A Tuesday tweet from a U.S. government scientific agency seems relatively innocuous: “Winter storms do not prove global warming is not happening.”
The message from the National Oceanic and Atmospheric Administration (NOAA), which is devoted to climate science and information, includes a link citing research that severe snowstorms may be even more likely in a global warming climate because higher ocean temperatures appear to create more moisture.
Many are viewing Tuesday’s post as a rebuttal to President Trump’s tweet late Monday noting an approaching deep freeze for the American Midwest and asking “What the hell is going on with Global Warming (sic). Please come back fast, we need you.”
A polar vortex has returned this week to the Midwest bringing extremely low temperatures that could break records.
NOAA denies any connection between the president’s comment and its social media posting.
“We routinely put this story out at these times,” the agency said in a statement. “Our scientists weren’t responding to a tweet.”
Most scientists say there is little valid research to counter the prevailing view climate change is real and note research also demonstrates that with global warming there will be more frequently extreme temperatures at both ends of the thermometer.
With a forecast of icy roads around the nation’s capital, one item of unanimous consent throughout the Trump administration Tuesday is non-emergency federal workers – just two days back on the job after a record-long shutdown – could leave early because of the weather.
“Employees of Federal offices in the Washington, D.C., area are authorized for early departure,” according to a notice from the U.S. Office of Personnel Management. “Employees should depart 2 hours earlier than their normal departure times and may request unscheduled leave to depart prior to their staggered departure times.”
The notification is intended, in part, to alleviate congestion on streets that could soon become hazardous.
The ability of a mere dusting of snow or sheets of ice on roadways and sidewalks to create pandemonium in the U.S. center of power frequently puzzles those who have migrated to this part of the country from harsher winter climates.
A January 2016 snowstorm paralyzed the region, although only 2.5 centimeters of snow fell on Washington, D.C. roadways. There were hundreds of traffic accidents and many motorists abandoned their vehicles on highways after untreated roads became impassible with black ice.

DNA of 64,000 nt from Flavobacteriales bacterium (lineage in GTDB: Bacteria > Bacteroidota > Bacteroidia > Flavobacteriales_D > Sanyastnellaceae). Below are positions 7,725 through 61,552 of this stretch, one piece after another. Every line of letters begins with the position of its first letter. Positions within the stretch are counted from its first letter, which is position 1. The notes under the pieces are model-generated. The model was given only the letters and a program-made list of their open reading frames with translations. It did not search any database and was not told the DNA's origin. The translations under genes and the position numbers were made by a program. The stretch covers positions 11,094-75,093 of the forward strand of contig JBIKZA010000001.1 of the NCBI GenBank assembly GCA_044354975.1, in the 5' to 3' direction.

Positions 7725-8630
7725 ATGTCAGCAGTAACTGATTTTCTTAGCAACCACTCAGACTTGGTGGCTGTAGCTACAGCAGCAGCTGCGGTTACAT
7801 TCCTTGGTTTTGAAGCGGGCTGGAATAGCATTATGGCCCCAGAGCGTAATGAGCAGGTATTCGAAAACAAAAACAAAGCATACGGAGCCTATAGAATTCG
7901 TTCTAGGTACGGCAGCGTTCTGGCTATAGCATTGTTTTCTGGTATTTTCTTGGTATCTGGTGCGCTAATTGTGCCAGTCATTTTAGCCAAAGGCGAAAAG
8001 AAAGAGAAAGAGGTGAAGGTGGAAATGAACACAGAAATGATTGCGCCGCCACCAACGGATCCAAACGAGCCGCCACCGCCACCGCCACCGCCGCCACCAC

The mess and lack of preparedness prompted a public apology by the mayor of Washington, D.C.
Muriel Bowser was taking no such chances on Tuesday, three years after the so-called Snowzilla (not to be confused with the area’s December 2009 Snowpocalypse).
Mayor Bowser, on Tuesday announced she had requested an additional $1 million from the city’s contingency fund “to cover higher costs than anticipated for salt/de-icing as a result of Winter Storm Gia.”
The city also issued a hypothermia alert, which will keep shelters open during daylight hours so the estimated 7,000 homeless people in Washington will have a warm and safe place to stay.
A member of Congress from Utah, as government employees began packing up early in the afternoon, on Tuesday threw his own virtual snowball at the threat of another approaching winter storm appearing to panic politicians, bureaucrats and lobbyists inside the Beltway.
“People in DC love to show how tough they are and call their opponents ‘snowflake,’” wrote Congressman Ben McAdams on Twitter. “Unless the weather forecast includes snowflakes, and then they cancel meetings, leave work early and buy all of the bottled water at the grocery store. Snowflakes.” He then tossed a promotional hashtag for a top winter recreational activity in his state that includes the Wasatch Mountain range: #SkiUtah. (VOA)